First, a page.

Are you a Wild Reader?

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If you eat the same breakfast cereal every morning, do you also read everything on the back of the same box every morning, too?

I do.

I’ve noticed myself doing that and I wondered WHY? I mean, I already KNOW what’s on the back of that box. I’ve seen it for nearly a week now. Sometimes the NEW box has the same stuff as the old box. If there’s nothing else to read and nobody to talk to, I still read it. It’s not a conscious decision to read the box, I just do.

Why am I reading this stuff that I don’t much care about?

Sometimes I get to bed, where I like to spend my last waking part-of-an-hour reading my latest mystery thriller, and I realize that I have finished that book and it is in the car for a trip back to the library. When that happens, I have been known to pick up whatever is lying around and read it. Sometimes it’s a book I’ve already read. Sometimes it’s something I really don’t much care about. But there’s something that reading does for me that I like and I do, almost instinctively. There’s something important in just opening up my mind to accept whatever print may be floating by.

I am what Donalyn Miller, the unquestionably fabulous Texas elementary teacher known as “The Book Whisperer” calls a Wild Readershutterstock_81318706

By that she means that like millions of other fortunate souls around the world, I am an avid, lifelong, dedicated, joyful, independent reader. We Wild Readers always have a book going. (I often have several in different areas of my life – work, home, bedside, car, smartphone…)

We will read anything when we get a chance. We get our mental batteries charged by engaging with books.

If you don’t read everything on the back of the cereal box every day, do you read the newspaper or bring your current book along for lunch?  Have you caught yourself reading the same thing over and over again, just because it passes into your field of vision?

You are a Wild Reader, too. OH, yes.  That’s a GOOD thing!!

If we did nothing else in school but teach kids in a way that nurtured their inner Wild Reader, then I would call schools a success. They have set up children to keep reading (and therefore learning) long after the last school bell chimes with few interruptions on into and through adulthood. THAT is an education worth providing. Don’t get me wrong. I’m saying this is crucial, but not asserting that it would be all we might do. Of course if all our kids were WILD about reading, then they would almost unavoidably engage with almost everything that is currently in the curriculum.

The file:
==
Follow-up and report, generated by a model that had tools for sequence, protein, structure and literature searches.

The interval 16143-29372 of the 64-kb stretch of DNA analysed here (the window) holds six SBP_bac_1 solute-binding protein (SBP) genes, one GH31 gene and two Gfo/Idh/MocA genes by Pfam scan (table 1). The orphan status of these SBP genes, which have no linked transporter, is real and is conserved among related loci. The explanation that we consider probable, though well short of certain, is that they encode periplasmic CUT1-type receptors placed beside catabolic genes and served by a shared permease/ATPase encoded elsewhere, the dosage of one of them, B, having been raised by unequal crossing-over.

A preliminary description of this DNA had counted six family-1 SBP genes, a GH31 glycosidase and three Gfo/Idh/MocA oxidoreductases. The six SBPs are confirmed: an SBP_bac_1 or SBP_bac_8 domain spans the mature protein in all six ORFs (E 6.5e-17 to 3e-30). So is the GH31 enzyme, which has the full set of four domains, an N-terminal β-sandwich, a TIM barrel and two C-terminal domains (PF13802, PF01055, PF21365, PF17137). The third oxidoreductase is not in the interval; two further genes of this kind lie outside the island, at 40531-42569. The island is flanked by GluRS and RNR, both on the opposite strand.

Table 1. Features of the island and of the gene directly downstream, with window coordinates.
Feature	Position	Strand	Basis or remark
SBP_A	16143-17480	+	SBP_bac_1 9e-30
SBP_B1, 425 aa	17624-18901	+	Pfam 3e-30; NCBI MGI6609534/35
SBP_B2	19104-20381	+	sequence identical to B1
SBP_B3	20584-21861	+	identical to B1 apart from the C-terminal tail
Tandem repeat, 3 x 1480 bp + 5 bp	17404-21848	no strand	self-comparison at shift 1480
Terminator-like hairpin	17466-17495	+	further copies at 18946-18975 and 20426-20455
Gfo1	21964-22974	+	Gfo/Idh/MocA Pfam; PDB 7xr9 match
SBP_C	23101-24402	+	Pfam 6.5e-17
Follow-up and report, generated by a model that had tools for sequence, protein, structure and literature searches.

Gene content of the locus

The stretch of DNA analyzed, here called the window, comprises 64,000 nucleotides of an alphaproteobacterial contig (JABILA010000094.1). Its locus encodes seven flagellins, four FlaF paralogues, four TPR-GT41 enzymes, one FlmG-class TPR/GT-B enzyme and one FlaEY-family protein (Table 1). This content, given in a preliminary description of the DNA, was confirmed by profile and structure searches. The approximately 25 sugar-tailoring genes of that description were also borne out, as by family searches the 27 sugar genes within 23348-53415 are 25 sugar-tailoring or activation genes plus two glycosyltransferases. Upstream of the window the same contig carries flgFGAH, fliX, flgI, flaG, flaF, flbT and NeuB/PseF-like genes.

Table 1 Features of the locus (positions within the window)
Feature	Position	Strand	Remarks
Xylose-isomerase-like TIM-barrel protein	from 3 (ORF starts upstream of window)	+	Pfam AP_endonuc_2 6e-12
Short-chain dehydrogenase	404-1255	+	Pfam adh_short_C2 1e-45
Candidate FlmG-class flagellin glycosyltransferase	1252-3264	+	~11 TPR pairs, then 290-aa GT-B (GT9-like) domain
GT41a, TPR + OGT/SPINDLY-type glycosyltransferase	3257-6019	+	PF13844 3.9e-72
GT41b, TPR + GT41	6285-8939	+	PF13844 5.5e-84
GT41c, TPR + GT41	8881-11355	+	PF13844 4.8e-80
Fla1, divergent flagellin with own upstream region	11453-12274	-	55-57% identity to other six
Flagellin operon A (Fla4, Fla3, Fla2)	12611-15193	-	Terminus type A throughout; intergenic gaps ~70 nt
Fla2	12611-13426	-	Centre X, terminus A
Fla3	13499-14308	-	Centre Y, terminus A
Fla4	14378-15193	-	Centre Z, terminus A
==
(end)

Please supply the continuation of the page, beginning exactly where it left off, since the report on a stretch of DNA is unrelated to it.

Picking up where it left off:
In the current milieu, I often hear, “What gets measured, gets done.” If that’s the case, then the nurturing of Wild Reading pretty certainly isn’t getting done. We measure all kind of things about kids, but with the exception of a few international exams, I rarely see data or hear about an all-school, all-student assessment that focuses on reading habits, reading independence, and reading JOY.

Maybe we should ask our teachers, administrators, and legislators to start asking those kinds of questions on their fancy tests…especially if it is practically the only data that will focus us to get the development of lifelong avid reading DONE at school. After all,  at least in my view, the ongoing nurturing of lifelong learners are the clearest evidence of a quality education system.

A week or so ago, I shared one such question that I felt was one that everyone should ask: What do you love to read, right now? You might want to check that out.

The possibilities created by raising a generation of wild readers are worth thinking about… a lot.